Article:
By Jason Menard
Most of the time, we guys are criticized for thinking too much WITH the little head – but, when it comes to NHL players, they’re obviously more concerned with thinking ABOUT their little head when it comes to safety.
Is there any reason why players would question your sanity if you suggested playing the game without a jock, but don’t see the folly in playing the game without adequate facial protection?
Manhood is a big part of professional sports. It’s the Neanderthalistic backdrop to competition. It’s what prevents most sports from truly being appreciated for their speed, grace, skill, and – yes, even – beauty. The most exciting or dramatic touchdown, dunk, or goal can be marred by gratuitous displays of gloating, preening, and self-importance. It’s gotten to the point where routine plays – the kind you’re expected to make as a high-school athlete – are celebrated with overt (and choreographed) attention-grabbing antics.
Thus, our sporting fields often reek with the remnants of these macho pissing contents. And, like pre-pubescent boys trying to assert their emerging maturity, common sense is often left behind in an attempt to not appear weaker than your competitor.
Which brings us back to the NHL and its players continued stubborn refusal to wear facial protection. Admittedly, it was like pulling teeth to get them to wear helmets just over two decades ago, with some resisting and clinging to grandfather clauses, until the bitter – and better – end.
Yet, the league and its players association make no effort to mandate its players when it comes to facial protection. Adhering to some ancient freedom of choice myth perpetuated by years of negligence, the players are asserting that it’s their divine right to play the fastest game in the world without complete protection.
Normally, I’m all for letting Darwin have his way with these people and letting the laws of natural selection cull those who aren’t smart enough to protect themselves from our general population. But, at the professional level, these players are not just individuals – they’re investments. Team owners literally spend millions on these players and build their product based upon the foundation that these players will be in the lineup. From marketing campaigns to anticipation of playoff revenue, forecasts are made with the idea that your stars are going to be in uniform. And that doesn’t even factor in the countless thousands of dollars that are spent on insurance policies.
The counter argument is that injuries happen and only fate will decide who pops an ACL and who suffers a fractured orbital bone – or worse – the loss of an eye. But the difference is that the former injury is truly a matter of fate, while the latter examples are more or less completely preventable.
Today’s players have come through a minor league system that mandates facial protection. From full cages at the younger and university levels, to the face shields present in junior hockey, today’s athlete spends the majority of his developmental years playing the game with something in front of his eyes. Yet, upon the ascension to the pro ranks, we’re supposed to believe that suddenly one’s vision becomes impaired by the very same thin sheet of plastic which allowed this player to rise through the ranks to become one of only a handful of people in this world with the skill and talent to play professional hockey?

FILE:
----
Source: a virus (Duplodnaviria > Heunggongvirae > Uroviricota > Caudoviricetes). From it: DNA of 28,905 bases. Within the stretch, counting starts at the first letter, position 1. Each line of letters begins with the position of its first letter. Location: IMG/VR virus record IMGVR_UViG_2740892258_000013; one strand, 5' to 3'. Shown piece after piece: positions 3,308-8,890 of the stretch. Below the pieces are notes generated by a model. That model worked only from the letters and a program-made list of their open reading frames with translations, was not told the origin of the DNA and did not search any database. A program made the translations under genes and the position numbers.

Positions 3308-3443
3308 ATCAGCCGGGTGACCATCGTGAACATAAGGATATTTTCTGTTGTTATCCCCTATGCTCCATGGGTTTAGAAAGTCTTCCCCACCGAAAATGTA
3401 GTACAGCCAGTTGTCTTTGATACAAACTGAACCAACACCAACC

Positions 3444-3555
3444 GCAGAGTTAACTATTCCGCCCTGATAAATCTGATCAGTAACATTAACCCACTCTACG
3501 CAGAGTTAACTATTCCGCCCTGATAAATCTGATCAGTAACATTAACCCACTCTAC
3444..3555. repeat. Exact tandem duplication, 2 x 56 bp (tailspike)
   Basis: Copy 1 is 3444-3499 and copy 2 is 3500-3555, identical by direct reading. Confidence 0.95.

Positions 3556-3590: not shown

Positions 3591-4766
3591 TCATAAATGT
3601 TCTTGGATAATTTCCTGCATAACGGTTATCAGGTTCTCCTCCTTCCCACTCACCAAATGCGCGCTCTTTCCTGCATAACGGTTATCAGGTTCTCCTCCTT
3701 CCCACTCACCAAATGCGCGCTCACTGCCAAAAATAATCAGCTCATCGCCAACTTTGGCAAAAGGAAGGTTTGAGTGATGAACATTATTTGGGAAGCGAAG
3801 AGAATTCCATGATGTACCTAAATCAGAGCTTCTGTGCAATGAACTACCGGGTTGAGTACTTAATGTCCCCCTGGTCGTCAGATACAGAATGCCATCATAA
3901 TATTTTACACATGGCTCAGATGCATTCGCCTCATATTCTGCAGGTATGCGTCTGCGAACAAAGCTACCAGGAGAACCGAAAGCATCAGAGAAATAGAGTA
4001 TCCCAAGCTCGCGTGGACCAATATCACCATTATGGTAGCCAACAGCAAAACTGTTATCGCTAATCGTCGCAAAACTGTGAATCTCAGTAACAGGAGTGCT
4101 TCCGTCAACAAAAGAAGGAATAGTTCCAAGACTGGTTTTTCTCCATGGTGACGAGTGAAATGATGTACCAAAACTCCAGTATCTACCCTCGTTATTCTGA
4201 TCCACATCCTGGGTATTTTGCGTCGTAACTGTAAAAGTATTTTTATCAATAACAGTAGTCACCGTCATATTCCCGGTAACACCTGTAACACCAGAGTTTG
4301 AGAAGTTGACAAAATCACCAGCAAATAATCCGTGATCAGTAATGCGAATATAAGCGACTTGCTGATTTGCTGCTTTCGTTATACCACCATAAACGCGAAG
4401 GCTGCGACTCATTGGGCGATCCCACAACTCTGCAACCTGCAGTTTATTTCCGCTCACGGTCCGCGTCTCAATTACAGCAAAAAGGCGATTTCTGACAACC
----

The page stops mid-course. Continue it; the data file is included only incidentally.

As well, in this new fan-friendly hockey environment, the league and its players need to understand that it’s its principal stakeholders, the fans, who suffer the most when a valued member of their team goes down from an entirely preventable injury. The fans are the ones who purchase the tickets, buy the licensed merchandise, and support the manufacturers who use the players as pitchmen.
Finally, the players themselves need to understand that wearing a face shield is an investment in themselves. With a salary cap system, revenues tied to league earnings, and a precariously short career, to not do everything in your ability to maximize your earning potential and revenue-producing years is simply folly.
It’s time for hockey players to join the rest of us on these higher rungs of the evolutionary ladder. If they can stop dragging their knuckles long enough to grab a stick, then they’re at the developmental point where they can affix a shield to their helmet. Let’s start putting a premium on intelligence when it comes to defining manhood. Let’s take another look at what it means to be tough.
Firefighters enter blazing buildings covered head to toe in protective equipment. Does that make them any less a man (or woman in this case)? Or do we appreciate their bravery regardless of a plastic shield in front of their face? Why should the threshold for manhood be different on ice? A generation ago, people were resisting strapping on a seatbelt for many of the same reasons: we’ve never worn one before; they’re an uncomfortable encumbrance; no one’s going to tell me what to do. But look at where we’ve come since then.
The players demand the freedom of choice, so here’s a solution. Facial protection won’t be mandatory – the players can still roam the ice with their bare faces whipping in the wind, asserting their individuality and masculinity. However, if they elect not to wear a face shield, they’re prohibited from wearing a jock. Put on a mask and the cup comes back.
Simple solution. And we’ll see which head they’re truly thinking with – and which one will lead the way.
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